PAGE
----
On our way out of Burin, as we passed this high school, Mustafa pointed to vast stretches of farming land around it, saying that the school owns all this land. Perhaps the settlers have set their sights on this land and that might be the reason for their constant harassment.

 

 The girls finish high school and most go on to higher education. About 20% of the boys leave before finishing high school in order to work on family land. About 80% of the boys finish high school and 90% of them go on to University studies. We heard the same story here that we have heard in other villages – most of the young men who get permits to work in Israel, and are working in construction and agriculture, are University graduates. This is economic development power going to waste.

 

            There is no big problem with water, the Council head told us. (Summer has only begun.) They get their water through the Palestinian Authority, which gets it from Mekorot (the Israeli water authority). Then we noticed that someone in the Council building brought us a 2 liter bottle of mineral water and some small bottles of fruit drinks. It may be that the villagers have become accustomed to the idea that for drinking—only purchased water is suitable. Or that, like in other villages, the amount of tap water is limited, and must be supplemented.

 

But there is a problem with the amount of electricity which they get. In 1973, when the amount of electricity was allocated, the population of the village was much smaller. Today the population has grown but the allocation has not increased.

 

 The new road that is planned, for Israeli use only, from Tapuach Junction to the army base outside Huwarra, will also infringe on land belonging to farmers in Burin.

 

 Our last question was how our host sees the solution to the Israeli-Palestinian conflict. He sighed and said he is depressed when he thinks of the future. Ten years ago he had hope, but not now. He remembers demonstrations for peace with the participation of Yossi Sarid and Shulamit Aloni. (He mentioned their names.) But today hope is fading. “This situation will hurt both Palestinians and Israelis. Israel will lose also.”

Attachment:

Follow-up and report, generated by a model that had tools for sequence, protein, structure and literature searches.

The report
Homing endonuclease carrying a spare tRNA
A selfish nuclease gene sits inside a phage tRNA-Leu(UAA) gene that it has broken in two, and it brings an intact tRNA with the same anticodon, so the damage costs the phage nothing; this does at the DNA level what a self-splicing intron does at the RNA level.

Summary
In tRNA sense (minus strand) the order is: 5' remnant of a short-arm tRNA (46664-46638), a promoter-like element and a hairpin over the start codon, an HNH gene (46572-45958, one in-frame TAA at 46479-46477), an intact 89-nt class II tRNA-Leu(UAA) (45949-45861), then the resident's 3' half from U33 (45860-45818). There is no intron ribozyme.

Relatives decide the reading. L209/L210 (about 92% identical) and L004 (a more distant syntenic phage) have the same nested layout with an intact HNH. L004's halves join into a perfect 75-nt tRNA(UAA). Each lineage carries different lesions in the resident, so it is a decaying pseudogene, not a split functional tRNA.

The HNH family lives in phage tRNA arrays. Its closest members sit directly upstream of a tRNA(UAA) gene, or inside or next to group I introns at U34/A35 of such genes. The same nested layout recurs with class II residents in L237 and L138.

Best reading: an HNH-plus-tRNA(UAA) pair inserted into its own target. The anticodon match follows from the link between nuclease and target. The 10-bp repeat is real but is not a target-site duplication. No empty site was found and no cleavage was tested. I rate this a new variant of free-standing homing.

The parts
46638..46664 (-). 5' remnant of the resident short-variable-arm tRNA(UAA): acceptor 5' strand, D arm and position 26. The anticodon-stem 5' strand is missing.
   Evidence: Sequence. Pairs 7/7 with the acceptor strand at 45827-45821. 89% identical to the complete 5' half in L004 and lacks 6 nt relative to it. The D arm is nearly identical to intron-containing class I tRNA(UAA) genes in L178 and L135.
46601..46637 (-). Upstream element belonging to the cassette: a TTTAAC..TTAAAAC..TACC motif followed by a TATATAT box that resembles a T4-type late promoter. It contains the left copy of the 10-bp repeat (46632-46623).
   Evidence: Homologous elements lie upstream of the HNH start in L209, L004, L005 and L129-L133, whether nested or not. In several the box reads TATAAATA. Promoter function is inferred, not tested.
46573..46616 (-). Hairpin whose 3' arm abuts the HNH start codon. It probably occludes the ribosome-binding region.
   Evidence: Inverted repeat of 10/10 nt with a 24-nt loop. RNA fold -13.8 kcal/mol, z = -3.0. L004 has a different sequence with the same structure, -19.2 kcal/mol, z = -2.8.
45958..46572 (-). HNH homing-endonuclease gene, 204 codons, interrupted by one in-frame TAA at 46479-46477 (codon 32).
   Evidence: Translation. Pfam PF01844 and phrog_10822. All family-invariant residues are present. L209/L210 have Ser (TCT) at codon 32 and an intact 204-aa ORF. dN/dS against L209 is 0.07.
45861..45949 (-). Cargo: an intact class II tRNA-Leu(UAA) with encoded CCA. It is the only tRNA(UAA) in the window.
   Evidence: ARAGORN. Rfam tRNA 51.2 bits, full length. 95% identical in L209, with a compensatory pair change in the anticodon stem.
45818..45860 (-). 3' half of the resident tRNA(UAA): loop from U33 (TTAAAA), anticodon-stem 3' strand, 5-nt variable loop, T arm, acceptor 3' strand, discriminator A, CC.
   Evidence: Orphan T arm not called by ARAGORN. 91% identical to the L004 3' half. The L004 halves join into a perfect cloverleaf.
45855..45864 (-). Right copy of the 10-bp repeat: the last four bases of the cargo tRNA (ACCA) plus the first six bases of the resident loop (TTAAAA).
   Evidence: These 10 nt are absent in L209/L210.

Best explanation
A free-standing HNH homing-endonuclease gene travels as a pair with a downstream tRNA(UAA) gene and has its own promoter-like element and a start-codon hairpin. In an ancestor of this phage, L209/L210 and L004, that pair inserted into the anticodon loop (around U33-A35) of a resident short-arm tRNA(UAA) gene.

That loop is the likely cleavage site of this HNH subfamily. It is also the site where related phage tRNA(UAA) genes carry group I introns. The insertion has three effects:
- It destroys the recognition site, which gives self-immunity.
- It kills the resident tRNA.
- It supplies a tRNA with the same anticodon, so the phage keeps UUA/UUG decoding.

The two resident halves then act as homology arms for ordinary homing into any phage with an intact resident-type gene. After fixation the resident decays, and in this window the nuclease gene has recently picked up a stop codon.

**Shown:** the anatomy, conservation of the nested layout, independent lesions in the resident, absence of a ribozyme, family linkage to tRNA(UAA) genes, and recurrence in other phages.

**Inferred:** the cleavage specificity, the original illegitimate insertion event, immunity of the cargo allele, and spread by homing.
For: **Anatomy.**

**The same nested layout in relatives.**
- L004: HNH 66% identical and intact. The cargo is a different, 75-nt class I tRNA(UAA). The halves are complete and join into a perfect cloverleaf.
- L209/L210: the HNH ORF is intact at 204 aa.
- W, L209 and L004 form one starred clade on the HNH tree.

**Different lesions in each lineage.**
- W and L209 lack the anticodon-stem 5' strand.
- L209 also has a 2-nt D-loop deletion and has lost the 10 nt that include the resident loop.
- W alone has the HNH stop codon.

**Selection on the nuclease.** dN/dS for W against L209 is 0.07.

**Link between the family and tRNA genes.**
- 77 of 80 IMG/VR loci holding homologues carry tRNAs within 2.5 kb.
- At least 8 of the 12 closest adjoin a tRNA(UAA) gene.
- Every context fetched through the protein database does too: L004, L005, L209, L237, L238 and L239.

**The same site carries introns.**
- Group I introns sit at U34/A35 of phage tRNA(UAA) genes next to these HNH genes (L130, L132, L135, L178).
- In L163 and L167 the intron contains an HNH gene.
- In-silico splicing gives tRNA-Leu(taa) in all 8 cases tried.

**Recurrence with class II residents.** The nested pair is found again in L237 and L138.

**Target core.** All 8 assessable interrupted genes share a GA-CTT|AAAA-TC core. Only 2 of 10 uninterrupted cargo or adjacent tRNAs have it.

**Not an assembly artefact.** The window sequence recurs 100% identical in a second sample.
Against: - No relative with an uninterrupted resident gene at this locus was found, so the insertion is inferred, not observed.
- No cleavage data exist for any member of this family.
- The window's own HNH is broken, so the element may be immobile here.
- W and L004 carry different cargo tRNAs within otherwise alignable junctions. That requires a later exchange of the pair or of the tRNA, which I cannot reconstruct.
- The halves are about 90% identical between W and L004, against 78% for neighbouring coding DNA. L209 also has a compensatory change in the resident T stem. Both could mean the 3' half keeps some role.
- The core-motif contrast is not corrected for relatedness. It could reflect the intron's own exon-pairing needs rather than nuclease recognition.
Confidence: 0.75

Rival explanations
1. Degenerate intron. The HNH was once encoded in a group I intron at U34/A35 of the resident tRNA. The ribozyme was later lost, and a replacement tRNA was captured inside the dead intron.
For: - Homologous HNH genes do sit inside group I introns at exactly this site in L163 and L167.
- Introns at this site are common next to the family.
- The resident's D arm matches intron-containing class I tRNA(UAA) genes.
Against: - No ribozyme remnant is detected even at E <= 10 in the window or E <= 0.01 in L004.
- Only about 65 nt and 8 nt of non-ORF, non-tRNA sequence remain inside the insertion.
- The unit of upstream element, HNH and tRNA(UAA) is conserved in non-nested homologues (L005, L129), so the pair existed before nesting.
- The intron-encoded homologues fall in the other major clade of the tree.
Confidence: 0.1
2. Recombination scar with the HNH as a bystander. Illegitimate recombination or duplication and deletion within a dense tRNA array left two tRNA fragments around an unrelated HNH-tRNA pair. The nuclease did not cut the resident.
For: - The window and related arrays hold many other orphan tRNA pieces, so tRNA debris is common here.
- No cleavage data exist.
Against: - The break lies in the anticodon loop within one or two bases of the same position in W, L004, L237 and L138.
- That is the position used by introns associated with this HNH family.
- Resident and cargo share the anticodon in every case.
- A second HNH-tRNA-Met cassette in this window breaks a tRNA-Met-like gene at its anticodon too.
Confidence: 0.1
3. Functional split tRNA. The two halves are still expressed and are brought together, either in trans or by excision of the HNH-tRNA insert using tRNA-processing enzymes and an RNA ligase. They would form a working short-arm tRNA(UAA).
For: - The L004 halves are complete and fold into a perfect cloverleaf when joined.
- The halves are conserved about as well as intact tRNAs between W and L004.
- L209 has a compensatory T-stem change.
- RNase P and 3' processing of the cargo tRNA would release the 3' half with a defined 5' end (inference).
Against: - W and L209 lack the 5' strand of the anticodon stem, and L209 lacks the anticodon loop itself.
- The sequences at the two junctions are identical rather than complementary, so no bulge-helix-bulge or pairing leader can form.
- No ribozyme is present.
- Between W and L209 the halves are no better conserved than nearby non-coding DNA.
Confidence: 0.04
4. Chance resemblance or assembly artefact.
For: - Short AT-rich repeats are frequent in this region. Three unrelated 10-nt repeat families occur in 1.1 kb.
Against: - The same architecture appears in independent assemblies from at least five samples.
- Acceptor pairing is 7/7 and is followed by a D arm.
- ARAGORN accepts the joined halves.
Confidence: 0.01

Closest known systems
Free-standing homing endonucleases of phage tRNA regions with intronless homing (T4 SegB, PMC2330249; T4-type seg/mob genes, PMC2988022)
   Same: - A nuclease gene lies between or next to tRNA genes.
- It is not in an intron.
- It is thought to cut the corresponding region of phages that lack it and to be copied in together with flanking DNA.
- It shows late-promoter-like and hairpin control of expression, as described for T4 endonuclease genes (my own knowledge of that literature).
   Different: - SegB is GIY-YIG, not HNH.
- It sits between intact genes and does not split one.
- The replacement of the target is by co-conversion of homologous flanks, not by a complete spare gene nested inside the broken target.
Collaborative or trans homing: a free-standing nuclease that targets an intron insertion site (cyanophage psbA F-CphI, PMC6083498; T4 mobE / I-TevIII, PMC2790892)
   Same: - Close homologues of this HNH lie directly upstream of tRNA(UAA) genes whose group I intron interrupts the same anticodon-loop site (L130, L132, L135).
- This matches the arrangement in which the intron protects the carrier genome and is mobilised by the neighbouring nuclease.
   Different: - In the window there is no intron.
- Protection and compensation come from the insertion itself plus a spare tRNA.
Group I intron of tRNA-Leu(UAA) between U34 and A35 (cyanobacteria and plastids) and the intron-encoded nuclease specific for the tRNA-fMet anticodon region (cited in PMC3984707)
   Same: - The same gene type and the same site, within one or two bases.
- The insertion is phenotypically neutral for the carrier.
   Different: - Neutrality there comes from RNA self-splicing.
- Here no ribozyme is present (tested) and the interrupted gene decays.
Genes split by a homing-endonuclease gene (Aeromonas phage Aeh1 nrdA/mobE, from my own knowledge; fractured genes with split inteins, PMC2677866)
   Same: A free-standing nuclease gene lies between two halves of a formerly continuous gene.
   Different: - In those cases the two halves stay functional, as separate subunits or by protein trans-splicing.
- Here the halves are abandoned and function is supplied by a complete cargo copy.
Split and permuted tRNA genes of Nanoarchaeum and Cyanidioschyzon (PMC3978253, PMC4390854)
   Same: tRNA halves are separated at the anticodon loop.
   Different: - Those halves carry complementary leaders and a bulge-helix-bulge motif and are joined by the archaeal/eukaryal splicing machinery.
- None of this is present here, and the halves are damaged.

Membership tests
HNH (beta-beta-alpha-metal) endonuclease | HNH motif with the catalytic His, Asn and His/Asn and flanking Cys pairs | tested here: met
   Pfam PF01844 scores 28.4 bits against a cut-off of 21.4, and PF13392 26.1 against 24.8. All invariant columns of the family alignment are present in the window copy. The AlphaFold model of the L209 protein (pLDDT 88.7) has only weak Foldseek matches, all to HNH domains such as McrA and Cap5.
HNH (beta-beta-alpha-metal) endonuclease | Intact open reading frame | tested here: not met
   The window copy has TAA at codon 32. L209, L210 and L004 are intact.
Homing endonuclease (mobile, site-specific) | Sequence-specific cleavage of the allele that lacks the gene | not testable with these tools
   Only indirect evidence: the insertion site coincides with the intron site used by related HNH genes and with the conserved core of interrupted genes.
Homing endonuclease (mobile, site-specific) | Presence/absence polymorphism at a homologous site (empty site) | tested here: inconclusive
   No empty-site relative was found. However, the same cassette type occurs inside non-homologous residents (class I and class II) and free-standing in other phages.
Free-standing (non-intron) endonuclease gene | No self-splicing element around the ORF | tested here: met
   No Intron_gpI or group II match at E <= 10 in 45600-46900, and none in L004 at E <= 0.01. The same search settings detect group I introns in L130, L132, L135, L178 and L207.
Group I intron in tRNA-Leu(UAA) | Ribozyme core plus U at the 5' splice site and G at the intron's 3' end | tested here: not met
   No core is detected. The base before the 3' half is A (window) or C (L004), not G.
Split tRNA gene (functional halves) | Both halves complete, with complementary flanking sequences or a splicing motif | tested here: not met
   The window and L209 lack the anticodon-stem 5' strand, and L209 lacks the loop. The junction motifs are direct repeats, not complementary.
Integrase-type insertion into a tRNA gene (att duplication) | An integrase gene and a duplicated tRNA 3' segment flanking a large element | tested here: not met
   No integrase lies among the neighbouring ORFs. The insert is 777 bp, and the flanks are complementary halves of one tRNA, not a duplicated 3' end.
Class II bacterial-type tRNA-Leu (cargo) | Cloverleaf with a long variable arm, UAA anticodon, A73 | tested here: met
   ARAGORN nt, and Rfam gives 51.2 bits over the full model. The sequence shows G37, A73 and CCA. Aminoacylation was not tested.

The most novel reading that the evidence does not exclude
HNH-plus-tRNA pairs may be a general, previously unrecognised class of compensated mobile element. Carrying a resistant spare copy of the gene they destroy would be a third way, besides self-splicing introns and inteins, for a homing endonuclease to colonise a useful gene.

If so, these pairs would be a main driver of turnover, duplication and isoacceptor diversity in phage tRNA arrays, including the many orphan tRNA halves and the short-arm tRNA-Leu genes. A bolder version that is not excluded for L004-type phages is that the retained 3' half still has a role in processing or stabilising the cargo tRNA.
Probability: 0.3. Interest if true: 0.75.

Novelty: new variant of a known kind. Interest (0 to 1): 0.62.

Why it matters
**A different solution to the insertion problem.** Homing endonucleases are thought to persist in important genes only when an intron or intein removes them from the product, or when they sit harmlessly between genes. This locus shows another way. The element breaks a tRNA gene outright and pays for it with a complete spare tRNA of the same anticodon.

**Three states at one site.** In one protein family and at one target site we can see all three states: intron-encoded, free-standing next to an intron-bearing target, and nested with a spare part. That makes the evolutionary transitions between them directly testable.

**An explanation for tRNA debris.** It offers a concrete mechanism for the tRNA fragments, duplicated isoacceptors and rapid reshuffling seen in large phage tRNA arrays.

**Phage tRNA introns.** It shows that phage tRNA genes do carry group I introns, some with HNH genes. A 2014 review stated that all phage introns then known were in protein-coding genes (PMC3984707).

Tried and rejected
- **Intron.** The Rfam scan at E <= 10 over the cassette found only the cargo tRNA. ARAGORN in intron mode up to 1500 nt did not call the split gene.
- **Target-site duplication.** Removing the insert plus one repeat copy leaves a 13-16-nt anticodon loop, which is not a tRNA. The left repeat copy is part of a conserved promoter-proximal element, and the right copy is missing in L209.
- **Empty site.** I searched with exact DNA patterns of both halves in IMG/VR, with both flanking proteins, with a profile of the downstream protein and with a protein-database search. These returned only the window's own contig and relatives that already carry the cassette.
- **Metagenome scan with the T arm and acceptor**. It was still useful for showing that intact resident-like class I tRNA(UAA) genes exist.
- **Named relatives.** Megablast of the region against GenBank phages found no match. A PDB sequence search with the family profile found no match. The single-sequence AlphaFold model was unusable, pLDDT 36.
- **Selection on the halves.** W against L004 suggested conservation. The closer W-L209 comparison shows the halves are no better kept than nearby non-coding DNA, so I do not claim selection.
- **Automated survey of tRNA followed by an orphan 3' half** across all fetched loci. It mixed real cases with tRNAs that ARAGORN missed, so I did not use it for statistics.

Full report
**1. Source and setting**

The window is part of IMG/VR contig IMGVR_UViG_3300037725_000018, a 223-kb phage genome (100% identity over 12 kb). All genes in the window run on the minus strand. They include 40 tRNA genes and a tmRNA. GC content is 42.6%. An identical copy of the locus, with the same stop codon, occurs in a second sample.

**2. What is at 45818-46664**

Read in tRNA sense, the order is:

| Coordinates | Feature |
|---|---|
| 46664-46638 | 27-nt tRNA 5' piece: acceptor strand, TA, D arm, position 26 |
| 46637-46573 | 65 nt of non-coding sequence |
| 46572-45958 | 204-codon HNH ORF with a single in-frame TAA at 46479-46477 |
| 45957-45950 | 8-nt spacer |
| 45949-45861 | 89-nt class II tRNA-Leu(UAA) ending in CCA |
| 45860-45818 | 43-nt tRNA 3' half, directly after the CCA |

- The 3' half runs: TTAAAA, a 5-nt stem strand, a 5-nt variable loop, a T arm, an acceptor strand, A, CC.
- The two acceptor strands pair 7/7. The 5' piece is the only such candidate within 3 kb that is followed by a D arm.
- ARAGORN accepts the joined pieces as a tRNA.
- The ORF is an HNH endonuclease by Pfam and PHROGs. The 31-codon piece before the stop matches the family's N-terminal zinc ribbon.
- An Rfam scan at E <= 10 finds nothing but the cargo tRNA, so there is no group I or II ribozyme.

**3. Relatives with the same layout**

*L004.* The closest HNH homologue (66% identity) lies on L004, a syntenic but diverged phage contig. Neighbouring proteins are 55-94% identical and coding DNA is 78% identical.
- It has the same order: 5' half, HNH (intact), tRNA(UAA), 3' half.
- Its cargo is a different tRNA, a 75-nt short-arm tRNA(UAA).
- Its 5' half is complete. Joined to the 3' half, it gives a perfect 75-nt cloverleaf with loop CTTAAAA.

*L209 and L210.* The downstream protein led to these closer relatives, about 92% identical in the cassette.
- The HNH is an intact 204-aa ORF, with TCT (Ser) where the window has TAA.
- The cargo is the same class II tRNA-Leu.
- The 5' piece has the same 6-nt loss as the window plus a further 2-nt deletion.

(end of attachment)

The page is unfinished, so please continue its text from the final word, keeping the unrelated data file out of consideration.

Awarta: We spoke with A., a member of the village Council. Itamar, the settlement that is situated on the ridge overlooking the village, is the source of their problems. The main problem is the inability to access the plots of land and olive groves that are on the hillside near the settlement. It takes a long time till villagers receive permits, and then the number of days alloted is insufficient for adequate farming.

 

  The new road will take land from Awarta, just as it will take from Huwarra and Odala. Even now, the checkpoint which they were accustomed to using in order to go into Nablus (which is minutes away from them) is now closed off and they must go a long way around to get to the city.

 

 Due to the shortness of the time that we had for Awarta we were unable to ask many questions. Here too, as in Burin, we found a troubled attitude. “Organizations come, they ask questions, they write reports, and then nothing happens. But I am not despairing, yet.”